Hello, my name is Shelly Maureen Bird. I’m a Microsoft Solution Architect whose expertise for over twenty years has been deployments of major applications, of servers, desktops, laptops.
I’m an odd Bird, not only because I’ve been at it so long in this space, working with literally hundreds of customers, but I’ve been doing it mainly with Public Sector customers in US Federal Government, with Civilian, Military, Intel, and even State and Local Governments. This is unusual. There are a lot of challenges in those spaces due to the sheer scale of government customers. Also, this type of customer is extremely focused upon pursuing privacy and security, to a degree rarely found in the commercial space. So I’ve had to learn host security at rare level of depth.
I’m launching this blog for one reason. Much as I love the geek blogs that give us great scripts, great tools, and terrific advice on the latest way to streamline and strip down the deployment to the minimal number of steps necessary, I see a huge gap out there. I see people making their deployments—and their lives–a whole lot more difficult than they need to be.
Customers often overlook the most obvious reasons that slow down the deployment of a new operating system. And the fact is these usually have nothing to do with features, the bells and whistles of the deployment technology.
Deployment has a lot more to do with psychology and turning large ships, because ultimately deployment is about change, and while change can be good, it is not always welcome.
I want to tell deployment stories. I want to show how customers made it through major deployments, the kind of events that transform an enterprise. I want to try to give insight into what I and some of the brightest deployment consultants in the world have seen work and fail over the years. I’m hoping readers will pick up some information that will help make more deployments succeed. And I’m deliberately aiming this at decision makers, the “non-geeks” in many of these blogs, because most of our current deployment blogs are more technical than process and people oriented. And as stated above, the biggest challenges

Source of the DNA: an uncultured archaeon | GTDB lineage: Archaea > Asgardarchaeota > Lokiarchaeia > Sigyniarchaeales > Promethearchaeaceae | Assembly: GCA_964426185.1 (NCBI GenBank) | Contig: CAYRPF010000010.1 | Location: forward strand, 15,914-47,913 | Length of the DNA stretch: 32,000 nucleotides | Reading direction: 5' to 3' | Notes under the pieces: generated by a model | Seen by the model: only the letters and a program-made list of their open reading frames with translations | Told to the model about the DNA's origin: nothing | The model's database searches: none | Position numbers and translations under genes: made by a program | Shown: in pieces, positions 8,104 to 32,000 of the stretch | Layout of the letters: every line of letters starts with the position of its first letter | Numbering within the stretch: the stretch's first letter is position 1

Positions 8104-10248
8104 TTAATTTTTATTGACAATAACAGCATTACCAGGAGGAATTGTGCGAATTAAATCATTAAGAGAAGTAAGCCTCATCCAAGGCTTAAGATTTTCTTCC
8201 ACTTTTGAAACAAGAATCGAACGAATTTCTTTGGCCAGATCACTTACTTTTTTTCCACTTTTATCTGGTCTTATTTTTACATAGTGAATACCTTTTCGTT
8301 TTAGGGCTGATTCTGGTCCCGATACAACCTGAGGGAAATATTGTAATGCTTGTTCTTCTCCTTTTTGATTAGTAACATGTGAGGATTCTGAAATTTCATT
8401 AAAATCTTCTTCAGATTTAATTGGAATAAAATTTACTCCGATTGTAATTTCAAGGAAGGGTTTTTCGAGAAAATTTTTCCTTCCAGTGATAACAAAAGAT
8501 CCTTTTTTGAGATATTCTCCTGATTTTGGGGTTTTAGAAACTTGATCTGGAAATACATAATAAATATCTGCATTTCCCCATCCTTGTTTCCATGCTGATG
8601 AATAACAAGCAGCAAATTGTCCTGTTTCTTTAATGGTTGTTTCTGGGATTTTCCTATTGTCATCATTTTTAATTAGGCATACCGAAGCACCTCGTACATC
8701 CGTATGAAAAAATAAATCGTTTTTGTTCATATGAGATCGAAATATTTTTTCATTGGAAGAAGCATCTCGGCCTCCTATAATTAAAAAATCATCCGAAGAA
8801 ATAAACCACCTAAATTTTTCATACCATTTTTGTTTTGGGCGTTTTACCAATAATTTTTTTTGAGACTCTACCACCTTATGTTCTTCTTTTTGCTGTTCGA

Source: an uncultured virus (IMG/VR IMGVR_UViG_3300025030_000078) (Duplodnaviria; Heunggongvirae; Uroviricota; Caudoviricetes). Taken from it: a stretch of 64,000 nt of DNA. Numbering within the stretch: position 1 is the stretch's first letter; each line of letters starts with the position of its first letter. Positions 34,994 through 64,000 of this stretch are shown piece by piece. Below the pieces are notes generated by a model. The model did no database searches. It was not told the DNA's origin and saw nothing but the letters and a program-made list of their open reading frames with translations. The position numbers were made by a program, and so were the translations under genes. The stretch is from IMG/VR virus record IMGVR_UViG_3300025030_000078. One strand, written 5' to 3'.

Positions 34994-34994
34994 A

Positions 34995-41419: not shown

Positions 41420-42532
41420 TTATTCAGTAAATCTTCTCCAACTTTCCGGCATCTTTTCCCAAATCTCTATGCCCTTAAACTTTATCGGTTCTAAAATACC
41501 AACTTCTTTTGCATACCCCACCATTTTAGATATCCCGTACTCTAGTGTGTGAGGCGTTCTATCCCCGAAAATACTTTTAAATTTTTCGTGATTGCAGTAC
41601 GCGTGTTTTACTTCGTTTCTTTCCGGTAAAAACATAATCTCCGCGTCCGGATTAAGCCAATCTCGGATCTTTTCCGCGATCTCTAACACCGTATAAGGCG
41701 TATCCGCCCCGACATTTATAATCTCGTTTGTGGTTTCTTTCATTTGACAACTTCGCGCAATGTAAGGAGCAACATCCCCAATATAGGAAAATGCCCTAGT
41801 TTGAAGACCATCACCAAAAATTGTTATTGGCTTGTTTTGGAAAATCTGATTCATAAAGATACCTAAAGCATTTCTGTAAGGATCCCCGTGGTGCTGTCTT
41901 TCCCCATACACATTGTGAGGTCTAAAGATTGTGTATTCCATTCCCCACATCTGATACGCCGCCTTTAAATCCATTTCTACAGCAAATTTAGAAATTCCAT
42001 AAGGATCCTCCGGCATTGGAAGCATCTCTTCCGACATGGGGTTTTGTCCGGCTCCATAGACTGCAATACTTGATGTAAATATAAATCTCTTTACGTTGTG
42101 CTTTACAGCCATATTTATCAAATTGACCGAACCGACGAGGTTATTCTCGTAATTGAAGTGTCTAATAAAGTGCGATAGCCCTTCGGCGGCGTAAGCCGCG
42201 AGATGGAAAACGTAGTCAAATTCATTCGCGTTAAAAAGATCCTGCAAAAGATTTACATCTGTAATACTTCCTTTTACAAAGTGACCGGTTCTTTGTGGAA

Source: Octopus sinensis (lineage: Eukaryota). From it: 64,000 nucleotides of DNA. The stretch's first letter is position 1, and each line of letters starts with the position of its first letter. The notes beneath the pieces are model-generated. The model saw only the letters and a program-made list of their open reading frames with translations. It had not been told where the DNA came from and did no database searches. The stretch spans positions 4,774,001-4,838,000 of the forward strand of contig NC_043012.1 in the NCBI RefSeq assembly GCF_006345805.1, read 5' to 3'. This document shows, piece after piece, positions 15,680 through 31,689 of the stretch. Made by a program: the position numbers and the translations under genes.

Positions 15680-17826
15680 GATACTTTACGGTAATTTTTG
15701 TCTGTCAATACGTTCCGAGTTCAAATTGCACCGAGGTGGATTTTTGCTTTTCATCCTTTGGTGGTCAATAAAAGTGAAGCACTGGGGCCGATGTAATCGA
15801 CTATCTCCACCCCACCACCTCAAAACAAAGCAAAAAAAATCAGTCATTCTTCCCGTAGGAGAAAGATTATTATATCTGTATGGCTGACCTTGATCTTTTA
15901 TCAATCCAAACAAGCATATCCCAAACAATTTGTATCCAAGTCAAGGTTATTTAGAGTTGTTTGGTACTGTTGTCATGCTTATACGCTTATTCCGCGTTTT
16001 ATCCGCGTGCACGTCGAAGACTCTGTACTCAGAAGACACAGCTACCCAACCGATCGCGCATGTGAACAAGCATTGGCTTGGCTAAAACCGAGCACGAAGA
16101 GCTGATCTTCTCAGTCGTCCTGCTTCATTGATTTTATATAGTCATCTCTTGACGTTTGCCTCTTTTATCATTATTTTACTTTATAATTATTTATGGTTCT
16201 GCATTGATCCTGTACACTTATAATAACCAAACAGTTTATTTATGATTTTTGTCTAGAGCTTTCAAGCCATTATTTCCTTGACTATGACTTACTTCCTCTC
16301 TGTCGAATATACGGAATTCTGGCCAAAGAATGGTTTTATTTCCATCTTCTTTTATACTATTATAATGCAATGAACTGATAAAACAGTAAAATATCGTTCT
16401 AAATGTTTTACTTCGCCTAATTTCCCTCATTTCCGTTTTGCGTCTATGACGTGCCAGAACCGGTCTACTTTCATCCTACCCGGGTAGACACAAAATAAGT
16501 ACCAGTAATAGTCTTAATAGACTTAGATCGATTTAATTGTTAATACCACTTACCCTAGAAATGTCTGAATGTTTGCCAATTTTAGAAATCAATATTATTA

don’t really come from the technology.
This will be a mix of my admittedly hopelessly subjective impressions, commiseration on common points of contention and conflict we all experience in such projects, and a heavy dose of humility (I’m a firm believer in learning from mistakes). This will wade into some weeds with geek advice when the occasion calls for it, and rise high above the ground to give Executive decision makers the bigger picture on new technologies, so they can see how these might fit into their own deployment plans. I’ll host guest bloggers on occasion, when they have an especially interesting story to share. Keep in mind, though, that the opinions and views expressed in this blog are those of the author and do not necessarily state or reflect those of Microsoft.
One final note: if you are a former customer, and think you recognize yourself in certain descriptions, please think again. I am choosing situations and behaviors that I’ve seen over and over again; ones that are so ubiquitous I now regard them as a human condition. Take comfort in the fact you are not alone.
Note: all photographs on this site were purchased via istockphoto.com/rtortoit